Genotyping is an important tool in the identification of genes associated with a range of inherited traits including:
- Disease susceptibility,
- Response to pathogens and drugs,
- Physical characteristics (for example height), and
- Personality traits (for example associated with mental health).
The most common method of genotyping utilises Single Nucleotide Polymorphisms (SNPs), which are single base DNA sequences known to be variable between members of a species. SNP genotyping studies aim to correlate occurrence of SNP variants with the presence of a given genetic trait; knowing which gene the identified SNP lies within or next to can implicate that gene in the development of the trait. SNPs shown to correlate with traits can therefore be used as markers to predict disease development, response to pathogens & drugs, physical attributes and personality characteristics.
The GoldenGate genotyping assay interrogates up to 1536 SNP loci simultaneously. Briefly, DNA is activated and bound to paramagnetic particles. An oligonucleotide pool is added to the sample; this pool contains two oligos specific to each allele at each SNP site plus one locus specific oligo downstream of each SNP site. All oligos contain regions of genomic complementarity and universal PCR primer sites; the locus specific oligo also contains a bead address sequence. Following an extension and ligation reaction the SNP loci are amplified by PCR, incorporating Cy3 (green) and Cy5 (red) labelled primers specific for each allele. PCR products are hybridised to universal arrays using the bead address sequence of the locus specific oligo. Cy3 and Cy5 signals are detected using the BeadArray Reader scanner.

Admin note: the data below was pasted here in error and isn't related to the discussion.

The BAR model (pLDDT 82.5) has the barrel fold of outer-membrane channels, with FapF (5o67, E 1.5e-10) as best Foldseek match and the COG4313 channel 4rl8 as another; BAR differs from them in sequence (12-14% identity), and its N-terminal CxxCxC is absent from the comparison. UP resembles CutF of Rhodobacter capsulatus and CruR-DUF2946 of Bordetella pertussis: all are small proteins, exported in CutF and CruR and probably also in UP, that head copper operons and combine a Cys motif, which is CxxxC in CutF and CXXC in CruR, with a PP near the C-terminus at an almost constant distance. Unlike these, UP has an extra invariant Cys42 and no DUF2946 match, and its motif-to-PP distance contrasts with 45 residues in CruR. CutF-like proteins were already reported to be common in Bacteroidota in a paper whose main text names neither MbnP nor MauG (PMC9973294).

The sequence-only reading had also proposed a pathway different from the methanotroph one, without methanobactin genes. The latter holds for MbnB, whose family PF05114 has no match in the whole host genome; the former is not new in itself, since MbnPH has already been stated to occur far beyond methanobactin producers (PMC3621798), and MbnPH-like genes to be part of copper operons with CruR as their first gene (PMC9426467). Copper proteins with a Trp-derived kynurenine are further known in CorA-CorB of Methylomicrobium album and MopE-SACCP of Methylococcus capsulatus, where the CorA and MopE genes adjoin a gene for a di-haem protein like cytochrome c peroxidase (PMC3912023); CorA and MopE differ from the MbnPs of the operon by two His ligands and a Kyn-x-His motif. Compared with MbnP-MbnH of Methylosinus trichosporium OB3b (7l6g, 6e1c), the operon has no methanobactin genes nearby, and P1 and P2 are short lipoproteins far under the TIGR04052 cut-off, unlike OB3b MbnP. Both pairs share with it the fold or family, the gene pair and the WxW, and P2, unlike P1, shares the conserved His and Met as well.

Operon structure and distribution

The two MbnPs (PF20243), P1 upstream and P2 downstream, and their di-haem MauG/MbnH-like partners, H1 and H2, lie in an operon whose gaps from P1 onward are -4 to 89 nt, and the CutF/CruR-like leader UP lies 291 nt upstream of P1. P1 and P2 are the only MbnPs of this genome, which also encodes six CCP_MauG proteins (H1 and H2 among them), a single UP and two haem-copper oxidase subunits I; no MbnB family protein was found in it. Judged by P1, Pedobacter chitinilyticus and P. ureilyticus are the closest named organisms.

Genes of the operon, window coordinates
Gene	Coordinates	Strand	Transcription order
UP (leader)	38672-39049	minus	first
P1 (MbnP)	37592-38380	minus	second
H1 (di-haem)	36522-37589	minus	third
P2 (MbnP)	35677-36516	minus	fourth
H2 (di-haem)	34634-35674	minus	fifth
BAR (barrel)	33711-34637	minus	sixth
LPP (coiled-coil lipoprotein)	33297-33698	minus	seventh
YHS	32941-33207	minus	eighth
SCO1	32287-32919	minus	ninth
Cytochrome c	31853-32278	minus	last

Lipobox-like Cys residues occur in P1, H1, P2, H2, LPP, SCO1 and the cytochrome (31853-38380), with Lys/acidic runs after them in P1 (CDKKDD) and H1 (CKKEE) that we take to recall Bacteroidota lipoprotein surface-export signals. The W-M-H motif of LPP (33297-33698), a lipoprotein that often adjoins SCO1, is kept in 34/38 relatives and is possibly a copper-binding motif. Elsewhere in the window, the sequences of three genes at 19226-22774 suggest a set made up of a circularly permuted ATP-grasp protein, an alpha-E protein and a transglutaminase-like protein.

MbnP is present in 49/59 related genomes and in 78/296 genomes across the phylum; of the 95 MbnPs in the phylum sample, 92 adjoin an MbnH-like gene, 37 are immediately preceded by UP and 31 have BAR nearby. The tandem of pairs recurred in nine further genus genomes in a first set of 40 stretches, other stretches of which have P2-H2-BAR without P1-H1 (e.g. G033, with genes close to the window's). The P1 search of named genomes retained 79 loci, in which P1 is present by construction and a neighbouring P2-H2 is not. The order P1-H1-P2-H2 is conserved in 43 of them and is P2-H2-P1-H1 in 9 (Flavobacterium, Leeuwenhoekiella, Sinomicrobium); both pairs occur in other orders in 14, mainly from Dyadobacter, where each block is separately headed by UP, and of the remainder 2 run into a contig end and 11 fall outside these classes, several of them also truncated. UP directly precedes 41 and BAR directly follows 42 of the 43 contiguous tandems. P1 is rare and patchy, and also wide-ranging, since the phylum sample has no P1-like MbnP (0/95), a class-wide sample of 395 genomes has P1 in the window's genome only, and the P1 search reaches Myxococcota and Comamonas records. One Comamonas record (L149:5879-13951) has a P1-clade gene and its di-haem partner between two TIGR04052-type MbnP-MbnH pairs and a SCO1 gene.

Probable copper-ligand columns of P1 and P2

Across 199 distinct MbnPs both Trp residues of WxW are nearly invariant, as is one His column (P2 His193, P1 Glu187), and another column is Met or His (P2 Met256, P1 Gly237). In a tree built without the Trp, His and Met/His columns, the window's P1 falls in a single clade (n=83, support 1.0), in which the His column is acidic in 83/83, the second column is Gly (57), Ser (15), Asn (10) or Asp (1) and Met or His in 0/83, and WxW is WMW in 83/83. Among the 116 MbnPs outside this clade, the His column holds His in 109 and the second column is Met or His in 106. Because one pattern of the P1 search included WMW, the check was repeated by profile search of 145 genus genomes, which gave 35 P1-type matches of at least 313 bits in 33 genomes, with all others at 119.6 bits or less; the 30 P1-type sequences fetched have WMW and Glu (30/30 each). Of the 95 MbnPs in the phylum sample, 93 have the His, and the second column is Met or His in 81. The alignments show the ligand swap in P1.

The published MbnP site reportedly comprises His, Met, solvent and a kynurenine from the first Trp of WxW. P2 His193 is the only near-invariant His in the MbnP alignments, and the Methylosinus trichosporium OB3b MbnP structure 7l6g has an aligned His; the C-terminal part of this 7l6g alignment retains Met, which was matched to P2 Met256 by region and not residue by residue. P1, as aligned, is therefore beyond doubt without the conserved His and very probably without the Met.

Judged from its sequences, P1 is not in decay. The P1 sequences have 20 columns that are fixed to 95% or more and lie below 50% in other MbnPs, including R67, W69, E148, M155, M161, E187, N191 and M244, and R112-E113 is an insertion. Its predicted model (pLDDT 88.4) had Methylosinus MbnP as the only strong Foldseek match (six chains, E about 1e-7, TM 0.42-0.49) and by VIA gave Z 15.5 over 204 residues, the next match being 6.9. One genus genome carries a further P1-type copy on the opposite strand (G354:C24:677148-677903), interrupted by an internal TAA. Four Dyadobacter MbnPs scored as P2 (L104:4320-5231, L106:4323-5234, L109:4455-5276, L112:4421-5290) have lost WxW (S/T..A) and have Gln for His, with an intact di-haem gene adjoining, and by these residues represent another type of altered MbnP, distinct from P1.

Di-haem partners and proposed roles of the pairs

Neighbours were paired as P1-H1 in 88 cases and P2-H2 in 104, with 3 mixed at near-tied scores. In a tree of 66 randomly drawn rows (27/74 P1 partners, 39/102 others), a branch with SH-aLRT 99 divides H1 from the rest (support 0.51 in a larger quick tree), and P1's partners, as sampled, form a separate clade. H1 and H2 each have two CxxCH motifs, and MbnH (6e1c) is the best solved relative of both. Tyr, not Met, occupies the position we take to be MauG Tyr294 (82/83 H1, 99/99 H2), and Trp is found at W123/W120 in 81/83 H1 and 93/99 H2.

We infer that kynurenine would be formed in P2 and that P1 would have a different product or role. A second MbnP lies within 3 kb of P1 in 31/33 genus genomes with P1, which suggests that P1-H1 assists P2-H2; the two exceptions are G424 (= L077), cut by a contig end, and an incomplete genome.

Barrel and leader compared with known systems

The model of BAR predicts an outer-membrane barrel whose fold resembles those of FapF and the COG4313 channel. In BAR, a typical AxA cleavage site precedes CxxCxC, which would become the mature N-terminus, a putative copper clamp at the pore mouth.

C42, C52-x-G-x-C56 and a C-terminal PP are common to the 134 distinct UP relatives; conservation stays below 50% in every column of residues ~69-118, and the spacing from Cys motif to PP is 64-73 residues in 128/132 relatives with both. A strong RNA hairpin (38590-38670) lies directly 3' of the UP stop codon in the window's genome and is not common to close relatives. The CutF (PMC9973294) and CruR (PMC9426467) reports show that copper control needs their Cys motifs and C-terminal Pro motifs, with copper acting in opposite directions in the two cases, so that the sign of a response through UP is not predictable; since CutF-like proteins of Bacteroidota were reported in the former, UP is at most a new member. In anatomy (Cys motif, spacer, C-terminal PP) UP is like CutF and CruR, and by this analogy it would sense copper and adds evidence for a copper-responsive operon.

The GoldenGate assay can be used for:
- Analysis of up to 1536 SNPs, for example in replication studies
- Admixture mapping in African American populations,
- Investigation of 1421 cancer associated SNPs,
- Major histocompatibility (MHC) variant mapping, and
- Mouse linkage studies, at low or medium density.
Figure 1: the GoldenGate assay workflow.